But if you’re sending people to your lead magnet (email list), your course, or your website in general, then you might be getting punished.

Watch time on your videos is one of the key factors.

If you’re telling people to get off YouTube instead of watching one of your other videos, your watch time is lower.

If your watch time is lower, YouTube won’t push your videos as much.

Suggested videos and browse features are key for YouTube growth. Without this, new people won’t find you.

But… if the reason for making videos is to find more people to sign up for your lesson and courses, then can you see the problem we have to solve?

We want to grow our channel AND use it to get people to go through our sales process.

The way I’m approaching this is to be strategic about it.

To have certain videos where people click and take action. And to have others where the logical thing to do is to watch another video of mine.

I’m not going to mention my free downloads at the end of every video moving forward.

Longer Videos

Watch time is more important than views and audience retention.

If your watch time is increasing, YouTube will start pushing more of your videos.

Therefore, I’m going to make longer videos. 50% of a 25 minute video is 12:30 minutes. 75% of a 4 minute video is 3 minutes.

I can work this to my advantage by making these longer videos full of great information and engaging.

Better Thumbnails and Titles

I’ve held back here. No longer!

I want my thumbnails to stand out so that they get people’s attention. The title should compliment this so that people want to click.

The more people that click, the more YouTube will push your videos.

But you have to give people what they want. Having a thumbnail and title that has nothing to do with the content won’t work.

I mentioned in the video that I’m going take pictures instead of choosing screenshots.

However, if I take the time to go through the video, I can find expressions that get people’s attention and look like they’re taken from the video, which helps with associating the thumbnail with the content.

The one for this video was taken from the video. I had a picture but found this one more engaging.

I do this by using FCPX and sharing the current frame.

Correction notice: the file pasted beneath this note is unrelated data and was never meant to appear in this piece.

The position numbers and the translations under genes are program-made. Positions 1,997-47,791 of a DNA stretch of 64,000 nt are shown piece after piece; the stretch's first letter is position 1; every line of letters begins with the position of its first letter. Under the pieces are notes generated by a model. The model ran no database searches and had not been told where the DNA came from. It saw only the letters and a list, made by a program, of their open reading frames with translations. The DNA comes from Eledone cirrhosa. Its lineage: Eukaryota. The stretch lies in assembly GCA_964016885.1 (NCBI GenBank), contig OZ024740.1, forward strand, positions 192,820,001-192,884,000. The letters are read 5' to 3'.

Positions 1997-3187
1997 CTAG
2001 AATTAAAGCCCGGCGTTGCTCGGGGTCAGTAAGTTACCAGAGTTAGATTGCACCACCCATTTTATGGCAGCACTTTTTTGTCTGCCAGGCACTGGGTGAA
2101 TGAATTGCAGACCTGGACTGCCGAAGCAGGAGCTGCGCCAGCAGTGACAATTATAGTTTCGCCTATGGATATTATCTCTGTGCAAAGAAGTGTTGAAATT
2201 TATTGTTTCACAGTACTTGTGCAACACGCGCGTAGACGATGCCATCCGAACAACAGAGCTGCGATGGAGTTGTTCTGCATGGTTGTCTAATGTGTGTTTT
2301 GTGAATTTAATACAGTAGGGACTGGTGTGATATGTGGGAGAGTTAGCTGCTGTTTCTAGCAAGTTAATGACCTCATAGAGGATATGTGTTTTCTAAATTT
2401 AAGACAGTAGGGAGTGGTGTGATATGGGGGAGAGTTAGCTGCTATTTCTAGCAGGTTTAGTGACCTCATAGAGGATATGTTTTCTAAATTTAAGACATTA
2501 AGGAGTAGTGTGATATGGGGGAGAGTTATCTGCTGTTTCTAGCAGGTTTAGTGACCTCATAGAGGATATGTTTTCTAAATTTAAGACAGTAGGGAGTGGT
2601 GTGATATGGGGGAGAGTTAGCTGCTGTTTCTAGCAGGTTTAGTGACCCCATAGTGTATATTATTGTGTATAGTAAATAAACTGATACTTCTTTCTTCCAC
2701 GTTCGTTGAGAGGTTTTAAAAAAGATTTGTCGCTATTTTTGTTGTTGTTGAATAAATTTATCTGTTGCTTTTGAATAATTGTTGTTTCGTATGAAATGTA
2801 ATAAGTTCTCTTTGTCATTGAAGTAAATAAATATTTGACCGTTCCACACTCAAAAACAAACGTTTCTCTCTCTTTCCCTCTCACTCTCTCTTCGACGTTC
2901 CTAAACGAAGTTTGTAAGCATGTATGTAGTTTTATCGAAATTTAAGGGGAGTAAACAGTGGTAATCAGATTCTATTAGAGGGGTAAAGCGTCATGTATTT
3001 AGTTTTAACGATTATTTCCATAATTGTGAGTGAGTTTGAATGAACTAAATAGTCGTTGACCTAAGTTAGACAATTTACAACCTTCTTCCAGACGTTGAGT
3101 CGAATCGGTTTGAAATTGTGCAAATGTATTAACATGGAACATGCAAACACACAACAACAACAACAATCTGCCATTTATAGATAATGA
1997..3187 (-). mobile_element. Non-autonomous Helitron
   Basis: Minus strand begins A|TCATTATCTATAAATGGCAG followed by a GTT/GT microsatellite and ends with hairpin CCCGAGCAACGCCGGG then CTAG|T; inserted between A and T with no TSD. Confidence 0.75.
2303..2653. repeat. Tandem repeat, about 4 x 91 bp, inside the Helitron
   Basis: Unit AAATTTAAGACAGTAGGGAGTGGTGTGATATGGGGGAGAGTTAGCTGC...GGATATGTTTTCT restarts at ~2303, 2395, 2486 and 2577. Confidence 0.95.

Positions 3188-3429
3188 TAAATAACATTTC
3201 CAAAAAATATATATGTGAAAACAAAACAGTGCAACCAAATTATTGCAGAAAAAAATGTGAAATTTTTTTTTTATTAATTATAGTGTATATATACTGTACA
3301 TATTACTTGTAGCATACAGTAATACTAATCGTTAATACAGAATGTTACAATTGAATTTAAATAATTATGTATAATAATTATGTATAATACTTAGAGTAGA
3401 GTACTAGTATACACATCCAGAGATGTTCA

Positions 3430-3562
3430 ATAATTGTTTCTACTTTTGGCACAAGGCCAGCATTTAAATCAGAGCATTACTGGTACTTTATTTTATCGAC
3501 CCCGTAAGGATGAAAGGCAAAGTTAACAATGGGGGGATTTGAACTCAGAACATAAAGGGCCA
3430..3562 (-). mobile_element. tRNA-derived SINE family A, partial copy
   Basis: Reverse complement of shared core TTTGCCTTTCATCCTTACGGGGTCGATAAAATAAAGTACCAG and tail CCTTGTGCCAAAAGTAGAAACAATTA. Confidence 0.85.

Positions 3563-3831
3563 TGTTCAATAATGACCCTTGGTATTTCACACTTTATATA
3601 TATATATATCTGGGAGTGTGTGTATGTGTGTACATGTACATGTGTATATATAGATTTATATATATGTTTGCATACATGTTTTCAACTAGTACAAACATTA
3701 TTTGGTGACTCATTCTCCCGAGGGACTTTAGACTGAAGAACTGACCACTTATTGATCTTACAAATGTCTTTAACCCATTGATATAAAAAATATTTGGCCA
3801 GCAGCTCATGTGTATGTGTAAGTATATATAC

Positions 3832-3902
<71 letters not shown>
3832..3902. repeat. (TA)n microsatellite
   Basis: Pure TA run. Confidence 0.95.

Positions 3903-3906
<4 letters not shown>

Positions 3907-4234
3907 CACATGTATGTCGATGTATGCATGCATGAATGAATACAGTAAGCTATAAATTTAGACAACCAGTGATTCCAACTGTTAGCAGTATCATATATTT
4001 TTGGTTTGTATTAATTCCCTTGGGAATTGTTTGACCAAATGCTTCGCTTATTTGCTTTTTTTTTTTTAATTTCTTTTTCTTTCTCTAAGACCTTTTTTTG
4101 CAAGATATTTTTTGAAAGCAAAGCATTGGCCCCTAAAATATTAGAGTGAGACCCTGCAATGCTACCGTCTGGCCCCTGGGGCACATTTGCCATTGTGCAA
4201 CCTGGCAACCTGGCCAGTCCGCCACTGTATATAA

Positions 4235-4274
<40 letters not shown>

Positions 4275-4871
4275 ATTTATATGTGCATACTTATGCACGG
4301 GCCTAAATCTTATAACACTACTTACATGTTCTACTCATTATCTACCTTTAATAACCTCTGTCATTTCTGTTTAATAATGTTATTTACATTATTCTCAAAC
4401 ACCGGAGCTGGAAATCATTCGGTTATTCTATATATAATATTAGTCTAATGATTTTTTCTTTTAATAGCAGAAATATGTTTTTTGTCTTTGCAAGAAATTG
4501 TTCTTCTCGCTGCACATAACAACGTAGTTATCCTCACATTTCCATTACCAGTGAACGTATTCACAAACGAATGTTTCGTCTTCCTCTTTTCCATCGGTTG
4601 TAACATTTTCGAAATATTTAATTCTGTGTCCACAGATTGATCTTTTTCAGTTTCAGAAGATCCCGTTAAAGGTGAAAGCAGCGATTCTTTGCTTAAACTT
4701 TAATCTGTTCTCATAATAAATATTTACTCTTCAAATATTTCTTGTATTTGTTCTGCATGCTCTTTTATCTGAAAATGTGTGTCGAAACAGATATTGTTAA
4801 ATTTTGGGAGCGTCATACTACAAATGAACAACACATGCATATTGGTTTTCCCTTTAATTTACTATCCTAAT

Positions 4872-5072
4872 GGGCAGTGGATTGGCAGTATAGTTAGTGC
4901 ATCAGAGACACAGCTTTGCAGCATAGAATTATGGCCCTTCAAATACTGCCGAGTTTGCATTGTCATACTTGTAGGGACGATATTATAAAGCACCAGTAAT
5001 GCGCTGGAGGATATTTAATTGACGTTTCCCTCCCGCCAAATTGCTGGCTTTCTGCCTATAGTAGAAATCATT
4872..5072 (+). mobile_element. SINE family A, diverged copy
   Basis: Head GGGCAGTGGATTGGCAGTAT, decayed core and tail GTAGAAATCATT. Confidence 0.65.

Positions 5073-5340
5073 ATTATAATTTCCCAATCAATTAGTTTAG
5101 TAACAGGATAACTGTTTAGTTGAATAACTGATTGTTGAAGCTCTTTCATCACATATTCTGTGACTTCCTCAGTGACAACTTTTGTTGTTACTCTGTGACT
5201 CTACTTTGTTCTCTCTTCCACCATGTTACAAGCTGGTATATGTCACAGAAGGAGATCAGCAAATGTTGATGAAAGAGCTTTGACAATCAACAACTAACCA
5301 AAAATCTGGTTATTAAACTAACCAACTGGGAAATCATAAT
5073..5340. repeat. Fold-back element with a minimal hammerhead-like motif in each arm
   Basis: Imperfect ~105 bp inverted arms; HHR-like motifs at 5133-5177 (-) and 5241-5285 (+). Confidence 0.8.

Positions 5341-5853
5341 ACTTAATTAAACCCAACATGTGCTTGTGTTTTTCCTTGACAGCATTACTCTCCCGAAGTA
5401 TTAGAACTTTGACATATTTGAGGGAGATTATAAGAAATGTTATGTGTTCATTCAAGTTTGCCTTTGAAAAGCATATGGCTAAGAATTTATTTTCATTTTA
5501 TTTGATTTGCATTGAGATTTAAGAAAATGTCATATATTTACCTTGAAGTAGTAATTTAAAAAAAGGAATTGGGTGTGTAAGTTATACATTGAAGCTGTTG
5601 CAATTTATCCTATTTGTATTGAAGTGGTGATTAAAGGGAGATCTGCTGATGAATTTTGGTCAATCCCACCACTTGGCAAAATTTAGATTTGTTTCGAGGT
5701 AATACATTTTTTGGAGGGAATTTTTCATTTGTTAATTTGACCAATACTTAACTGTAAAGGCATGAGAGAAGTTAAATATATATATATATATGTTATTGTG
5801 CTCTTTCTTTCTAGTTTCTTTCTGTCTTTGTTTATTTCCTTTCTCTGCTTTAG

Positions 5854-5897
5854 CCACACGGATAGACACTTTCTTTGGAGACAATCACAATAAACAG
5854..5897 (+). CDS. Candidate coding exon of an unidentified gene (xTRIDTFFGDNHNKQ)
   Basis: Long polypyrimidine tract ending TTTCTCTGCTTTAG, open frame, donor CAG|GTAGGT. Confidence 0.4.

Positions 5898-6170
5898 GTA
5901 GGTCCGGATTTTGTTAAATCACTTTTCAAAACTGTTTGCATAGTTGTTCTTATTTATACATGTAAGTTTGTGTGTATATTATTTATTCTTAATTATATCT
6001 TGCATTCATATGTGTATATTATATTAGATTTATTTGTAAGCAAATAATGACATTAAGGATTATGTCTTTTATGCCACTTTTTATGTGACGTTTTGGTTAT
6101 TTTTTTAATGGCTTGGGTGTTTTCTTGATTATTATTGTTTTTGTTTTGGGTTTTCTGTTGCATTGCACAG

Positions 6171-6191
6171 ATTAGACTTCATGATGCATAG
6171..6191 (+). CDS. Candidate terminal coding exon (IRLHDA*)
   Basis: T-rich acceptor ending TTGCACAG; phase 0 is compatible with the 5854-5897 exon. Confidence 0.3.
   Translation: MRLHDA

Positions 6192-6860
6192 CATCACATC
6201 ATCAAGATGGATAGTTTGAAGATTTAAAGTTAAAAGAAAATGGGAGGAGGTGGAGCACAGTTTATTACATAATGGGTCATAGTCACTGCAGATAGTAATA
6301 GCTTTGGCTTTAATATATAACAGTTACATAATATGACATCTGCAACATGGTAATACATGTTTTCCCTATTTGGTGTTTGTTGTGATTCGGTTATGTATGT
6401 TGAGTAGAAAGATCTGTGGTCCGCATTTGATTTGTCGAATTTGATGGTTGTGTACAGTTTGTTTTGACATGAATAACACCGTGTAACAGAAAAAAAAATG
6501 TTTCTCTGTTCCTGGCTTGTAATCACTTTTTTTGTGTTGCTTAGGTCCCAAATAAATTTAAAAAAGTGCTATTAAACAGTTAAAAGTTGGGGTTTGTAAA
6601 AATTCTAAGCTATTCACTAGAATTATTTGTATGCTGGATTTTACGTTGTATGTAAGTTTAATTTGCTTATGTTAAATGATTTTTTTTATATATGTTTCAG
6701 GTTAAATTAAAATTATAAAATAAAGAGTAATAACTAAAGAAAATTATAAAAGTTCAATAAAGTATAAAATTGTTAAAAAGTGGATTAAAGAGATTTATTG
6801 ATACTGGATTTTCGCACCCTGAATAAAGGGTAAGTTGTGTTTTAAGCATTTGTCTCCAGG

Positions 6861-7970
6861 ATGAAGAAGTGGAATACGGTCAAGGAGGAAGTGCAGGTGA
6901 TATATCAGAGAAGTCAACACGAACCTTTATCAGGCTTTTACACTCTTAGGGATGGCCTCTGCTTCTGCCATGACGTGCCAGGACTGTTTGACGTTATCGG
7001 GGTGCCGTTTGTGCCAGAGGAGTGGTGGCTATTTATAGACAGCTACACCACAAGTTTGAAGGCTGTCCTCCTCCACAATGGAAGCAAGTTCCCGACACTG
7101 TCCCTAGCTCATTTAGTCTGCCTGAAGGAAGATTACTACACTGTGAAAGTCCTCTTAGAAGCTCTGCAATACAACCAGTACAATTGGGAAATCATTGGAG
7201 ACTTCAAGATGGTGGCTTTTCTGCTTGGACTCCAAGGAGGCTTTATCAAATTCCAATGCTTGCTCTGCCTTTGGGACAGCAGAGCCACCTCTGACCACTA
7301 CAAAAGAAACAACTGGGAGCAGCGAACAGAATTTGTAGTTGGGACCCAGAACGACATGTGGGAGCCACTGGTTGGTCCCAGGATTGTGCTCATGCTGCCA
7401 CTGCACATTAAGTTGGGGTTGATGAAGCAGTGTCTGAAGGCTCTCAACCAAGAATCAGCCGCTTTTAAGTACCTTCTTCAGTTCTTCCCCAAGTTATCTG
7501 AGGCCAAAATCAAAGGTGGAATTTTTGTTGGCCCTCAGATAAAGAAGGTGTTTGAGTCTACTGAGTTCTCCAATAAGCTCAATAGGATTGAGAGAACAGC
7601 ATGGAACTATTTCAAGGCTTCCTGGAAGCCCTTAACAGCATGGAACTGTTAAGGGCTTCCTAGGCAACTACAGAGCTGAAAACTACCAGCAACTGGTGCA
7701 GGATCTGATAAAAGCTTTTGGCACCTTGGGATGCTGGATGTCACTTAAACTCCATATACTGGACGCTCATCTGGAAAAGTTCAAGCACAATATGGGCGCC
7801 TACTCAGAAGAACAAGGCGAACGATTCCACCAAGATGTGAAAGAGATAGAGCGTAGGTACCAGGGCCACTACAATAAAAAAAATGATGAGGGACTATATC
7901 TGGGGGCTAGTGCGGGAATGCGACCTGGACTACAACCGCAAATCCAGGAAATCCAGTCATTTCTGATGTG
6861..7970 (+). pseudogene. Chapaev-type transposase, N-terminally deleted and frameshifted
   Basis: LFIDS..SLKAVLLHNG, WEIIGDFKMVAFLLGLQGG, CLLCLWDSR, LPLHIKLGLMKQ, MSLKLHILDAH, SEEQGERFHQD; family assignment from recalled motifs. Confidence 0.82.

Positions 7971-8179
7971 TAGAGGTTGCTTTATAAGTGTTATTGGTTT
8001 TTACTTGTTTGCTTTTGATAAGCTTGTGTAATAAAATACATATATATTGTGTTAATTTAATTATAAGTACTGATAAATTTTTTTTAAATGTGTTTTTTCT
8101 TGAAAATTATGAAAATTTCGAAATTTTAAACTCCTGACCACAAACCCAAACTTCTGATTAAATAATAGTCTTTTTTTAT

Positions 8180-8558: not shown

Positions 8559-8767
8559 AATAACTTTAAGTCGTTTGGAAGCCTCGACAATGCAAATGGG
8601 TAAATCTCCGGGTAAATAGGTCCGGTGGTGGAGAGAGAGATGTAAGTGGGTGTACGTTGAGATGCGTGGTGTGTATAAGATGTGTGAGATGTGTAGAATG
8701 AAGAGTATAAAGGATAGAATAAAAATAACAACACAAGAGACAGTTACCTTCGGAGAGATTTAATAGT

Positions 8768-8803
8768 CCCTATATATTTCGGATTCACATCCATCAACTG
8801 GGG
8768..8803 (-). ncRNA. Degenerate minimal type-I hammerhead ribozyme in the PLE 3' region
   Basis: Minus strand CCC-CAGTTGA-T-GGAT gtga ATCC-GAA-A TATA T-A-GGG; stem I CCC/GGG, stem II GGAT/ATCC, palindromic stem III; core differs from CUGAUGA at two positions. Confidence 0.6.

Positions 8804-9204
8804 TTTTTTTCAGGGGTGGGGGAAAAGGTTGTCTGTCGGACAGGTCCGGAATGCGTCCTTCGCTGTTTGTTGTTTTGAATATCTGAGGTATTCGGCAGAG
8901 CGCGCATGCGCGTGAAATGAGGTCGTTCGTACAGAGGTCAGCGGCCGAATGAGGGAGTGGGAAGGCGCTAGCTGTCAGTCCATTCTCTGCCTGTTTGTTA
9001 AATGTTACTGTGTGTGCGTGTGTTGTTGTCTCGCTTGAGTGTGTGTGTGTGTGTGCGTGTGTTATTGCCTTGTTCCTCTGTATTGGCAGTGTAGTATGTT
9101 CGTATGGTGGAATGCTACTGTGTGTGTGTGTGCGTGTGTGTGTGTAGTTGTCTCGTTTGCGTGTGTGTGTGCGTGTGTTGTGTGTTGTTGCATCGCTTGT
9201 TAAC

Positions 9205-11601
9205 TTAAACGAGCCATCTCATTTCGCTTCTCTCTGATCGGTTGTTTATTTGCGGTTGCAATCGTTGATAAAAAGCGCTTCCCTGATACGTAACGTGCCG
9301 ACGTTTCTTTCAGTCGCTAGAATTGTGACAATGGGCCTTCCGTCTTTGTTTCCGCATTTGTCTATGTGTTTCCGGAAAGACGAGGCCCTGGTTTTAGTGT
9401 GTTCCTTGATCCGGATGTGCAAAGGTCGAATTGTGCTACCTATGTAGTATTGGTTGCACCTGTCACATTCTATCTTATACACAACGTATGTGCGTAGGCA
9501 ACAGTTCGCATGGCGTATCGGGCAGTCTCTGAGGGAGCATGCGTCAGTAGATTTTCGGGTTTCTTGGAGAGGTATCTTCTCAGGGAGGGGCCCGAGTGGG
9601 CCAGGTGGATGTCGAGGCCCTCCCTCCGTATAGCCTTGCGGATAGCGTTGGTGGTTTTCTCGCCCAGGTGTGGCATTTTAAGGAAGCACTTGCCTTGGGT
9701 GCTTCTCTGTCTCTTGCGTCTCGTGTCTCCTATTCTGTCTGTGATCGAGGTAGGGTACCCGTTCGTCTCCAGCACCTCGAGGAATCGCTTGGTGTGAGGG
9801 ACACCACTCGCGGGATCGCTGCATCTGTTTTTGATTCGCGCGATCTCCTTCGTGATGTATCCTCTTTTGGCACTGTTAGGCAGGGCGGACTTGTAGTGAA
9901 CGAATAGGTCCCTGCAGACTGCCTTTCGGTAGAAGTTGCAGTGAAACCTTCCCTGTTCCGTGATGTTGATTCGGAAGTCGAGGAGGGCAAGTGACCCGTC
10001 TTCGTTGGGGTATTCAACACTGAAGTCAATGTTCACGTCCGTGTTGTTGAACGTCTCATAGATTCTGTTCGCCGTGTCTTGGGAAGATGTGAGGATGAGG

I then edit the picture and enter it into one of my templates to add text and other effects.

Facebook Video and Promoting Content Elsewhere

In the past, you could embed YouTube videos on the Facebook feed.

This did wonders for views and finding new people to watch your videos.

However, Facebook stopped this feature once they started pushing their own video platform. I’ve found that when I post a link to YouTube from my Facebook page, my reach is much lower.

I see Facebook introducing video monetization soon. If they do that, then creators will have a good reason to start uploading their videos to Facebook too.

What to Do Now?

Before you check out my resources, I want to say this: always strive to make better videos.

This is the foundation on which you build a channel.

Check This Out…

Check out more of my videos on YouTube here.

Learn what equipment I use to make videos here.

Or if you would like to learn how to build your own teaching business, get my videos below:


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Update: Online Courses, New Sofa, Dogs, and Making Videos

The following was recorded live on my Facebook page. Enjoy!

Check out my course here.

If you don’t have it already, get my free guide here.

Thanks for watching. Let me know if you have any questions!


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Two Sigmas Review - Platform for Teaching Online

Two Sigmas: a Platform for Online Teachers

A few months back, I interviewed Teacher Diane.

It turned out to be one of the most popular interviews that I have done on this blog.

We have kept in touch since and a few weeks ago, she sent me information about a new platform she is using called Two Sigmas. Diane connected me with Alice from Two Sigmas and I tried the platform out.

The video below goes through why you might consider it for your online lessons.

A Review of Two Sigmas and How to Use It

To open a new lesson, just click this link.

You will be taken to a new room automatically. You can use this same link with your student moving forward.

You will see a chat box and your webcam. You can resize these boxes and move them around your screen.

The platform is all about pages. Click the box in the bottom left-hand corner to create a new page. From here, you can add text, images, pdfs, and use other whiteboard applications.

At the time of recording, there wasn’t an option to embed video or to share a screen. I have been told that they are working on this.

When I connected with Alice from Two Sigmas, the connection was fantastic. Very clear and no lag.